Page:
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Cochrane Database Syst Rev. 2005 Jul 20;(3):CD003876.

Fluoridated milk for preventing dental caries.

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Unit of Dental Public Health, School of Dentistry, University of Manchester, Higher Cambridge Street, Manchester, UK, M15 6FH.

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Dental caries remains a major public health problem in most industrialised countries, affecting 60% to 90% of school children and the vast majority of adults. Milk provides a relatively cost-effective vehicle for fluoride in the prevention of dental caries.


To determine the effectiveness of fluoridated milk, as a means of delivering fluoride on a community basis, for preventing dental caries.


We searched Cochrane Oral Health Group Trials Register (28 April 2005), Cochrane Central Register of Controlled Trials (CENTRAL) (The Cochrane Library Issue 2, 2005), MEDLINE (1966 to 17 May 2005), OLDMEDLINE (1950 to 1965), EMBASE (1980 to 2005 week 20), LILACS (1982 to 17 May 2005), BBO (1986 to 17 May 2005), SIGLE (1980 to 17 May2005), Digital Dissertations (1861 to 17 May 2005) and reference lists of relevant articles. Attempts were made to identify both unpublished and ongoing studies. There were no language restrictions.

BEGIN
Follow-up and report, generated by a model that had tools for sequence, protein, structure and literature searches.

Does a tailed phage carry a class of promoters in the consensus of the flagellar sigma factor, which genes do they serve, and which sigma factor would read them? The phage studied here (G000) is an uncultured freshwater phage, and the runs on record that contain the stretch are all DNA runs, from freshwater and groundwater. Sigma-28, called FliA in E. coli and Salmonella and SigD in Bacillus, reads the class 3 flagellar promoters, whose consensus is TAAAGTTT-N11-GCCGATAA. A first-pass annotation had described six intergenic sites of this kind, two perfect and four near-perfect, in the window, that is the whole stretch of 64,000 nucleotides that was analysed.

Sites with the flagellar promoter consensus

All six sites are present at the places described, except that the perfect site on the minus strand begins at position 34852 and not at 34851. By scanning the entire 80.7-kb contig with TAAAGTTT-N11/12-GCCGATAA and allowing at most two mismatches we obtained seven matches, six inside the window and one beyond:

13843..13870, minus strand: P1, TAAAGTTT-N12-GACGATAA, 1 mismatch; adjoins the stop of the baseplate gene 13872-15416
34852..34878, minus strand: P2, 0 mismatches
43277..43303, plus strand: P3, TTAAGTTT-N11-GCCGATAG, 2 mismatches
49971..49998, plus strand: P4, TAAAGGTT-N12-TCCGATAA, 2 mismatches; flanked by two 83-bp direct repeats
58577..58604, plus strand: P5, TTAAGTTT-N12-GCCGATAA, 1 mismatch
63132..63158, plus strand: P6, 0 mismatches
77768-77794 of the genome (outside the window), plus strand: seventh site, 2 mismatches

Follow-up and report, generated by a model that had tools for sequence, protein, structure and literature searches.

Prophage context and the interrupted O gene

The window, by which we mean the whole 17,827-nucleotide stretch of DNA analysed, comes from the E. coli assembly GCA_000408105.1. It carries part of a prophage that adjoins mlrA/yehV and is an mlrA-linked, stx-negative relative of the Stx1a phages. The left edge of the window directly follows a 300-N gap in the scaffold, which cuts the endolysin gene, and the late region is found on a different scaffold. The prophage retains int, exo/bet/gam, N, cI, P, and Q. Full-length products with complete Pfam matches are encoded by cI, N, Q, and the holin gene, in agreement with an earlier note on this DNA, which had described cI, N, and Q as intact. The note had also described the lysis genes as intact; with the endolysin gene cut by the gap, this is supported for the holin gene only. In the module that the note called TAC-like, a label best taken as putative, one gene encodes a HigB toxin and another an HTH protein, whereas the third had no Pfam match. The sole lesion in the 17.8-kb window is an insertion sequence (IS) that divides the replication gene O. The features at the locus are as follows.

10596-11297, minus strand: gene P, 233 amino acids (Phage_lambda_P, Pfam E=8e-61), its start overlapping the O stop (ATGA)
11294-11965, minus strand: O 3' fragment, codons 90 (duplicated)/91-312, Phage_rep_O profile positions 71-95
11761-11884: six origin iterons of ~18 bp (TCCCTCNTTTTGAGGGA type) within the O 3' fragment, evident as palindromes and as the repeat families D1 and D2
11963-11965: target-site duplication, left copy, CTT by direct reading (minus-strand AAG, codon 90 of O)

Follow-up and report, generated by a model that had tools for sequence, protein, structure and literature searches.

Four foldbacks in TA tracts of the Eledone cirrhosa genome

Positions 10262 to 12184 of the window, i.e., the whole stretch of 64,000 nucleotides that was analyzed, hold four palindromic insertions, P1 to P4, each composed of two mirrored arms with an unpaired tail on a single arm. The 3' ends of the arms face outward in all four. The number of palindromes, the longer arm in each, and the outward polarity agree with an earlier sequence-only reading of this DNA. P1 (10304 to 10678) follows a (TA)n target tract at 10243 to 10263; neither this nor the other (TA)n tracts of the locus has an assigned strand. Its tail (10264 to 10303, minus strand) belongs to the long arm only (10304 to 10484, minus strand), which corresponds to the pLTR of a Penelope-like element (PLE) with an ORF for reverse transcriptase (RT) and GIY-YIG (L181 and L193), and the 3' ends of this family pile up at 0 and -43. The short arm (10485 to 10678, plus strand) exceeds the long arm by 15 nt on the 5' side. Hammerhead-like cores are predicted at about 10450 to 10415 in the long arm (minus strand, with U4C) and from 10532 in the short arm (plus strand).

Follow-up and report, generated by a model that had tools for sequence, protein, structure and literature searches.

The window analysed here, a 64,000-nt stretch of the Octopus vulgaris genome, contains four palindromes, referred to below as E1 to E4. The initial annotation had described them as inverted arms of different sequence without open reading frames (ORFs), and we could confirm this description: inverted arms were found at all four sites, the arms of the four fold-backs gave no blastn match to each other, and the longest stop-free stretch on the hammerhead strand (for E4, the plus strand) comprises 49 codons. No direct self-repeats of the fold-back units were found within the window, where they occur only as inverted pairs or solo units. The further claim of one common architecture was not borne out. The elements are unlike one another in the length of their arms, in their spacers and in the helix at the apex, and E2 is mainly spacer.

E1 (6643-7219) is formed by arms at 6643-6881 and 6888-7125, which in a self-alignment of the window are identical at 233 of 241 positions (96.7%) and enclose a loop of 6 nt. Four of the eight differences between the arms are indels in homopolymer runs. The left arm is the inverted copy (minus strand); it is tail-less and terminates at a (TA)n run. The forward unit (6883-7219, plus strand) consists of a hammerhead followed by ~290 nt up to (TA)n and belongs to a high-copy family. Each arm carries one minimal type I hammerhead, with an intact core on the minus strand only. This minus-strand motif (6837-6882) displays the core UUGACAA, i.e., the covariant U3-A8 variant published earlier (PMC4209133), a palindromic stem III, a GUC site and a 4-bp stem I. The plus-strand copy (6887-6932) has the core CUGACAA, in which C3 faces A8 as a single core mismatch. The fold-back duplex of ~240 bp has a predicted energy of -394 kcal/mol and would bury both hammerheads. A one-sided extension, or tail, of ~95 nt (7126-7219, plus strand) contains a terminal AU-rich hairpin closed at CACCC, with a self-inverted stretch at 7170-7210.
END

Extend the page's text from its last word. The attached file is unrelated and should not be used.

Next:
Randomised or quasi-randomised controlled trials (RCTs), with an intervention or follow-up period of at least 3 years, comparing fluoridated milk with non-fluoridated milk. Primary outcome was change in caries experience, as measured by changes in decayed, missing and filled figures on tooth (dmft/DMFT) and surface (dmfs/DMFS).


Inclusion decisions, data extraction and quality assessment were carried out independently and in duplicate. Study authors were contacted for additional information where necessary.


Two RCTs involving 353 children were included. For permanent teeth, after 3 years there was a significant reduction in the DMFT (78.4%, P < 0.05) between the test and control groups in one trial, but not in the other. The latter study only showed a significant reduction in the DMFT until the fourth (35.5%, P < 0.02) and fifth (31.2%,P < 0.05) years. For primary teeth, again there was a significant reduction in the dmft (31.3%, P< 0.05) between the test and control groups after 3 years in one study, but not in the other. The results could not be pooled because of the difference in concentration of fluoride in the milk.


There are insufficient studies with good quality evidence examining the effects of fluoridated milk in preventing dental caries. However, the included studies suggested that fluoridated milk was beneficial to school children, especially their permanent dentition. The data need to be supplemented by further RCTs to provide the highest level of evidence for practice.

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